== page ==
Government by numbers: How big a problem is gaming?


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Governments are under pressure to show their ever more educated and informed citizens that schools, hospitals and other public services are getting better. Traditionally, they have done that by spending money and building things: look, a brand new hospital! Of course, everybody knows that there is more to service quality than dollars, bricks and mortar. But at least we can see and touch bricks and mortar.  How can we put a finger on service quality? 

To answer that question, governments have been turning to the technology of performance management: “key performance indicators” (KPIs) and measuring performance against them. Malaysia is one of the leaders in “government by numbers.” Its service delivery unit, PEMANDU, is proud of the reduction in crime, one of its own KPIs, over the last few years. But here we run into a problem which is posed in a recent blog which focuses on PEMANDU:
“Is data really a neutral arbiter? Data can be gamed and metrics can generate perverse incentives.  Since you tend to ‘get what you measure’, if the measure is flawed, it can drive public systems in very extreme ways, with negative consequences for service delivery.”
Sure enough, some of PEMANDU’s critics in Malaysia have alleged that the reduction is more apparent than real because the statistics have been manipulated. PEMANDU rejects that. However, any time a government manages a public agency on the basis of performance statistics which the agency itself is gathering – so that the agency is marking its own homework – it is leading the agency into temptation. And if the agency yields to the temptation and gets caught out, public confidence is sure to be undermined. 
The British police have been on the receiving end of allegations like those in Malaysia for almost twenty years. When the volume of the allegations became deafening about a year ago, culminating in the UK Statistics Authority withdrawing its triple-A rating from police crime figures, the government asked its police watchdog, Her Majesty’s Inspectorate of Constabulary (HMIC), to have a look.  Its report has just been published.
HMIC found no hard evidence of fiddling, but it did find that 21% of a self-selected survey group of 17,000 police staff said they had experienced pressure to misrecord crime data in the previous six months. This corroborates evidence that the practice has got so entrenched in the past that the police have coined their own nicknames for it:

  • "Cuffing": officers making crimes disappear by recording them as a "false report" or downgrading their seriousness.
  • "Stitching" (from "stitching up"): offenders being charged with a crime when there is insufficient evidence. Police may know that prosecutors will never proceed with the case, but it still appears in police records as a crime which has been "solved".
  • "Skewing": police activity being directed at easier-to-solve crimes, at the expense of more serious offences such as sex crimes
  • "Nodding" – where convicted offenders are persuaded to admit to crimes they have not committed, possibly in exchange for a lower sentence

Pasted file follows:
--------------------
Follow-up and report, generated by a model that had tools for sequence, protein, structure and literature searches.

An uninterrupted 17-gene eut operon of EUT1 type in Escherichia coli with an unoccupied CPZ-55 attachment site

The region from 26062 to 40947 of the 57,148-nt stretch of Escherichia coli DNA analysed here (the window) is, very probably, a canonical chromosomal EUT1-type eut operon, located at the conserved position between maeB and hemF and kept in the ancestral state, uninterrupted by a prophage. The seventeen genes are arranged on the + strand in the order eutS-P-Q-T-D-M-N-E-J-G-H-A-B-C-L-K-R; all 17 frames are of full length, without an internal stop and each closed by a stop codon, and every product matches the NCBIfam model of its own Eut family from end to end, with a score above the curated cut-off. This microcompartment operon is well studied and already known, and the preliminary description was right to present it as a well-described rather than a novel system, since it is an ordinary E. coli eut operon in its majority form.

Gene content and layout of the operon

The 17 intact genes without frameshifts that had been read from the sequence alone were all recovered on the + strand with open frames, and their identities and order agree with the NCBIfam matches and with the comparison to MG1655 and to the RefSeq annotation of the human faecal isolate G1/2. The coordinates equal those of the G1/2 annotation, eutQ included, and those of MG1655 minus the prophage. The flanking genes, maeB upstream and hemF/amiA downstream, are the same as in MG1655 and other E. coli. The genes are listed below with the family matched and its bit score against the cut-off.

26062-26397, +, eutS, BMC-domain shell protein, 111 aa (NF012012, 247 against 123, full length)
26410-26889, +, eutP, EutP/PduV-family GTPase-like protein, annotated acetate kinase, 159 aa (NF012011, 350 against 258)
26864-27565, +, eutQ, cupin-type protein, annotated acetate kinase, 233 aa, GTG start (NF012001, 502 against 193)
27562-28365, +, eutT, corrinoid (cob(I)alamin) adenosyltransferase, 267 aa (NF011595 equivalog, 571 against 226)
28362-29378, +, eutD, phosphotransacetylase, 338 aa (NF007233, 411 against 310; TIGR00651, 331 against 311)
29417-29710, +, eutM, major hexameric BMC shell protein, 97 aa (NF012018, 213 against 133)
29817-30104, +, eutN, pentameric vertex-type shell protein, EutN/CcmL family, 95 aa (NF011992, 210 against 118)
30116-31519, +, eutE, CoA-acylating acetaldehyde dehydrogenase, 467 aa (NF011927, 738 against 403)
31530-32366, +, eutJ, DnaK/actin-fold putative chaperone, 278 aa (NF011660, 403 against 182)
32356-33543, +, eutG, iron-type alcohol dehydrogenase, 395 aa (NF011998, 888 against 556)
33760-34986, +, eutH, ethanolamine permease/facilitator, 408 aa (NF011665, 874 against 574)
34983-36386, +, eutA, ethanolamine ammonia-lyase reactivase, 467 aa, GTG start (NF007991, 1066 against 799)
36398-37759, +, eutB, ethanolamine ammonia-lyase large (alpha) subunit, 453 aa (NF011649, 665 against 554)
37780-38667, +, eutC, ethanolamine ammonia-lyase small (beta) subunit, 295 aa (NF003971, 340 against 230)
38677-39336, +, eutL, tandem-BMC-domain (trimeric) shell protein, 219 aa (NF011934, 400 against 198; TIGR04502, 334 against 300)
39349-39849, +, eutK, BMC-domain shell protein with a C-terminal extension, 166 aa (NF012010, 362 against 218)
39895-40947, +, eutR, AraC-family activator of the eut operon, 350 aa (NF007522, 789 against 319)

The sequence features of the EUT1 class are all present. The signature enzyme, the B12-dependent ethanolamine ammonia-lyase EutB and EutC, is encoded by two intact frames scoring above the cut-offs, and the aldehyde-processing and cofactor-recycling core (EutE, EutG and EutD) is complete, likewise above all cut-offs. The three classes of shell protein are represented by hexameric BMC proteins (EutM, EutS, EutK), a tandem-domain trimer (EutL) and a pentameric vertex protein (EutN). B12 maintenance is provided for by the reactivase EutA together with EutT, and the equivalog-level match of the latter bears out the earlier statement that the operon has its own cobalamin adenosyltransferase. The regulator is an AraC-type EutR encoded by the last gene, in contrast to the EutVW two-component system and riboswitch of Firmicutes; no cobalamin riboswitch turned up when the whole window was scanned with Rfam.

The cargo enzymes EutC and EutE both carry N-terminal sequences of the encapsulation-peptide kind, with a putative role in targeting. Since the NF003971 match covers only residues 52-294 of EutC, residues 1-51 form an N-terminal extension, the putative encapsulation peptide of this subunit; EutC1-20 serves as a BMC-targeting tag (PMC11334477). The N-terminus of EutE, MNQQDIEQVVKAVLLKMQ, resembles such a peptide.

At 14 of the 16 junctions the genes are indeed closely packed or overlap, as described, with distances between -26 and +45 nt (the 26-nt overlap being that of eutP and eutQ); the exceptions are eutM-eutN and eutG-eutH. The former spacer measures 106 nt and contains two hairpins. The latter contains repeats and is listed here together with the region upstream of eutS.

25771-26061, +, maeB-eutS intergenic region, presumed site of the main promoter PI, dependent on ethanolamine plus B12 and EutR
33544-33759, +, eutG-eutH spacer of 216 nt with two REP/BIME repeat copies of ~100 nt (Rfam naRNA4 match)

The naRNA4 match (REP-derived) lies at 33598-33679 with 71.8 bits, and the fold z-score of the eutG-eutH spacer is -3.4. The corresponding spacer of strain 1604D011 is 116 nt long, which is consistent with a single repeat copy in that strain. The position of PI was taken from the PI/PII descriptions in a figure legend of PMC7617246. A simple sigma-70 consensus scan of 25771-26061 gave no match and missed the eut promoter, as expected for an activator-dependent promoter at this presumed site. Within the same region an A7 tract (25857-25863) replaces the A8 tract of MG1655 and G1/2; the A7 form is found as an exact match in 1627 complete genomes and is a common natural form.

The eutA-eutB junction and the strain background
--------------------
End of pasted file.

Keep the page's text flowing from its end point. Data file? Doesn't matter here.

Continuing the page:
The survey evidence has to be read carefully. 61% of the survey group said they had experienced no pressure.  Also, we don’t know how many of the 21% who had experienced pressure yielded to it, let alone to what extent crime data was distorted as a result. But it is clear that UK police forces’ crime data has not been a “neutral arbiter.” Even if the extent of fiddling could be shown to be minor, public confidence would still be undermined – and it has been: we can see that from the recent UK press coverage.
Stating the problem is the easy bit. What’s the solution? That is the subject of my second blog. Stay tuned! 


Willy McCourt

Senior public Sector Specialist

Join the Conversation

Sylvester Obong'o
December 17, 2014

Thank you very much for this incisive piece. The issue of performance measurement is gaining momentum in many countries because, performance measurement is considered modern. Driven by the famous saying- if you can't measure it, you can't improve, correct it, reward it and so on. The numbers have come in droves in many countries without corresponding improvement in public services.
I wish to state a few examples of cases I am most familiar with. During the structural adjustment credits to Kenya- In order to reduce the wage bill, the Government was required to retrench public servants. The World Bank and IMF set specific numbers. What the government did was to retrench a few but make up the numbers by abolishing positions in the establishment which had not been filled for years. Thus by analysing the in-post against establishment. The most absurd was however, when the president purpotedly reduced the size of government by merging ministries in 1997 without reducing the number of ministers.
However, the ranking of schools which has been going on sometime in Kenya produced one of the most subtle ways of gaming in order to achieve a higher ranking especially among private schools. The ranking of schools is based on the performance of the students in the school in the national exams. As a result it is a function of total number of students enrolled in a school. At the beginning some private schools deliberately decided to register few students. But because the private schools are also business oriented, some schools have devised ways of ensuring they still get the required fees but register other students in satelight schools where they enrol students they consider as weak, who will lower their mean grade. Thus a parent would take their child to School A which performed very well in exams, pay the exobitant fees, but come exam time, because that child was considered weak- and the school secretly registered them for exam under a satelight school, they are taken to those centers to sit for exams.
Lastly in the public service, after the introduction of performance contracting and the ranking of ministries, state corporations and local authorities, I have observed that because the ministries the agencies chose the areas they want to be measured on, most of the agencies insist on choosing targets which they can easily acheive and demonstrate and they have invested heavily in their reporting formats.